My goal in writing this blog post is to provide insight for pet owners, into the difference between a cosmetic teeth cleaning versus a Comprehensive Oral Health Assessment and Treatment (COHAT).
As a pet owner you may, at some point, have inquired about a “Dentistry” or “Teeth Cleaning” at your veterinary clinic. You may have been shocked and deterred by the price, or wondered why a general anaesthetic is needed to clean your fur baby’s teeth.
Terminology is very important in this regard. These simple terms (dentistry, teeth cleaning) do not accurately represent a COHAT.
- What is periodontal disease?
- Periodontal disease is infection and inflammation of the periodontium (the tissues that surround and support the teeth) due to plaque bacteria and the host’s response to the bacterial insult. –From the Merck Veterinary Manual
- Studies show that 80-90% of dogs over the age of 3 have some component of periodontal disease. It’s worse in smaller breeds, and the incidence increases with age.
- PERIODONTAL DISEASE IS PAINFUL
- Veterinarians stage periodontal disease out of 5.
- Stages of periodontal disease Stages of Pet Periodontal Disease – Pet Dental Health – AVDC
- Bacteria enters the bloodstream from the oral cavity (from the tartar on teeth) and affects organ health. Studies show clear links between periodontal disease and heart disease in particular.
- What is a COHAT?
- Involves general anesthesia.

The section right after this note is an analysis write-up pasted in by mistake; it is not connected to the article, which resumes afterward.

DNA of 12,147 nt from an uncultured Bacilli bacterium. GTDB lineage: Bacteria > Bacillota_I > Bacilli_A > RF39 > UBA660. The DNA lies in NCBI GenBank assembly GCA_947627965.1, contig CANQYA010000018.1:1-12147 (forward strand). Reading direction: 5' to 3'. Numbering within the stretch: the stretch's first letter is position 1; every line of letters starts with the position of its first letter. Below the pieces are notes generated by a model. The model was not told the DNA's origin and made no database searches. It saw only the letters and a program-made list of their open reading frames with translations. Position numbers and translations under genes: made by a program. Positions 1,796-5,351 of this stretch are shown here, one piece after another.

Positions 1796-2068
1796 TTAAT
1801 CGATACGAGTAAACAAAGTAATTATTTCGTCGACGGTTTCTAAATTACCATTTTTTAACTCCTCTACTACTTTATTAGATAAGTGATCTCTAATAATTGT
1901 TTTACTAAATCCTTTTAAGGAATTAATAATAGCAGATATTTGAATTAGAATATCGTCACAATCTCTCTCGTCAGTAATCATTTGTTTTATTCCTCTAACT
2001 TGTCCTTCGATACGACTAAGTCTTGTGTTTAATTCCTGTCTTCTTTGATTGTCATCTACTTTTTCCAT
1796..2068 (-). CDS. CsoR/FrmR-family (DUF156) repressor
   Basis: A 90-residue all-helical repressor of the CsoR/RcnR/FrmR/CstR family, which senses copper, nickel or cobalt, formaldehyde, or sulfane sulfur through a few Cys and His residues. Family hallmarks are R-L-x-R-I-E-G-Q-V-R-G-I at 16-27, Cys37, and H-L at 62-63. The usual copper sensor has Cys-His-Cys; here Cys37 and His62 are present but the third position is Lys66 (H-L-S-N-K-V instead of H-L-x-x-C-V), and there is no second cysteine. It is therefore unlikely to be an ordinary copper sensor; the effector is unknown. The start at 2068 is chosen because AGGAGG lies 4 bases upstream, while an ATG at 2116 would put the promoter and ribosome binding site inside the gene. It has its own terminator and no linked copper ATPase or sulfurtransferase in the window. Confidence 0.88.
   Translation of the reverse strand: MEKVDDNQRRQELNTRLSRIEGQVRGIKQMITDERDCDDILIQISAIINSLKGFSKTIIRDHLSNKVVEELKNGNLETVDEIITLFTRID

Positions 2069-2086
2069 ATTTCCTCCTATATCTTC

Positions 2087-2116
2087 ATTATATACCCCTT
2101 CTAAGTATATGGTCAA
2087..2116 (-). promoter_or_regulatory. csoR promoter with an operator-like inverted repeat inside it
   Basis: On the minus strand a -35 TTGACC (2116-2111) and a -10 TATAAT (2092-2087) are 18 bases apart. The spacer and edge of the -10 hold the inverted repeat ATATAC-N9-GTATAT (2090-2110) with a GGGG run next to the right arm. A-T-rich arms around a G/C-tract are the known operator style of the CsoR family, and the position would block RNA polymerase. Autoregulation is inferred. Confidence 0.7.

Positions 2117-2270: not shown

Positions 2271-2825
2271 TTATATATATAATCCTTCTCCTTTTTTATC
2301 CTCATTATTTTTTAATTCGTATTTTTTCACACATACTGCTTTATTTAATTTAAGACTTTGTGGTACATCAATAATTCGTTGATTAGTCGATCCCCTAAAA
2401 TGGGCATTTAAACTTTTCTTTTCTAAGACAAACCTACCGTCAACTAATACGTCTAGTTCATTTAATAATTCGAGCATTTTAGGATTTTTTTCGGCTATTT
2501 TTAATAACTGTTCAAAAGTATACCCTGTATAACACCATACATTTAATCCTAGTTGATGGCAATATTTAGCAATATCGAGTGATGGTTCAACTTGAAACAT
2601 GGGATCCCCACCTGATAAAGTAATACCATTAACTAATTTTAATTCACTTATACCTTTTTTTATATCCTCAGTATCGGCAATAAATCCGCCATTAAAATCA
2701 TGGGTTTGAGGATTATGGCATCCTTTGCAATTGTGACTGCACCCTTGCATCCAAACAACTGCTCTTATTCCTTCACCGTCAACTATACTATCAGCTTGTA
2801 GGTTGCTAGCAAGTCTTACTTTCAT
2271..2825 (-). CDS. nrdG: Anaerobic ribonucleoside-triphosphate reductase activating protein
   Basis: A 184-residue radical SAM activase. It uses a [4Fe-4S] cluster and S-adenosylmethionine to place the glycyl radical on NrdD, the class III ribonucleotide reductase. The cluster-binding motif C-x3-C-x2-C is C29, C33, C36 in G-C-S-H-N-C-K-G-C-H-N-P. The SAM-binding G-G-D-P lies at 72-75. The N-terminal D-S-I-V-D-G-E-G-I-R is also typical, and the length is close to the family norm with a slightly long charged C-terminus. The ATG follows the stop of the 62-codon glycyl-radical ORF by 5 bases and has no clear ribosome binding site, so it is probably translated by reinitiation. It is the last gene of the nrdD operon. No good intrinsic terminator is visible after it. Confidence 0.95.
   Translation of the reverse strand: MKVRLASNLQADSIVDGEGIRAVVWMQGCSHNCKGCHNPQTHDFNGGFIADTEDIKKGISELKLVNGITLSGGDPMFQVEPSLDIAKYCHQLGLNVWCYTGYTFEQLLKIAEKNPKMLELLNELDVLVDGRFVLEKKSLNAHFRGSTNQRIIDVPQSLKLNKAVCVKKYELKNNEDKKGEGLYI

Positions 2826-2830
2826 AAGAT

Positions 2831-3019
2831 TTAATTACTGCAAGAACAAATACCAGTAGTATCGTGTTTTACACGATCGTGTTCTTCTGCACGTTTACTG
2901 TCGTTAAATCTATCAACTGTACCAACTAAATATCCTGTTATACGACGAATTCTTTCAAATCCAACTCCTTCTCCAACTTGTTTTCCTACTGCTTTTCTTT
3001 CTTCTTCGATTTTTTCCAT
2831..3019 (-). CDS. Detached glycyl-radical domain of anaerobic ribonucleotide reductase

- Full mouth dental x-rays.
- Veterinary assessment of periodontal disease from both direct visual examination of the mouth/teeth, probing of tooth pockets, and x-ray assessment.
- Medical records are kept meticulously, and all observations are recorded on a dental chart.
- Oral health assessment = more than just teeth and gums.
- Tongue, larynx, hard and soft palate. Masses, extensive gum inflammation that may extend into the larynx are assessed and recorded.
- Immune-mediated oral diseases can be diagnosed with a COHAT (examples include Feline Odontoclastic Resorptive Lesions, Chronic Ulcerative Paradental Stomatitis), and require specific treatment(s).
- An oral chlorhexidine rinse is used.
- A teeth scaling using a combination of an ultrasonic scaler and hand scalers.
- Scaling below the gumline. This refers to the ‘gingival sulcus’ as labeled on the image above. We also use the term subgingival curettage (see Dental Images – Educational (aaha.org) ).
- A teeth polishing using an antibacterial paste.
- An anti-inflammatory is typically administered the day of the procedure.
- Who performs the COHAT in a veterinary clinic?
- May vary based on the veterinary clinic.
- Either a Registered Veterinary Technician supervised by a veterinarian or a Veterinarian themselves.
- What is an Anaesthetic-Free Dental Cleaning AKA a Cosmetic Dental Cleaning?
- I prefer the term Cosmetic Dental Cleaning because as a clinician, it gives the best description as to what the procedure is, in my opinion.
- NO anaesthesia
- NO dental x-rays (thus cosmetic)
- NO subgingival curettage (thus cosmetic)
- Scaling visible part of teeth using hand scaler(s) only (thus cosmetic)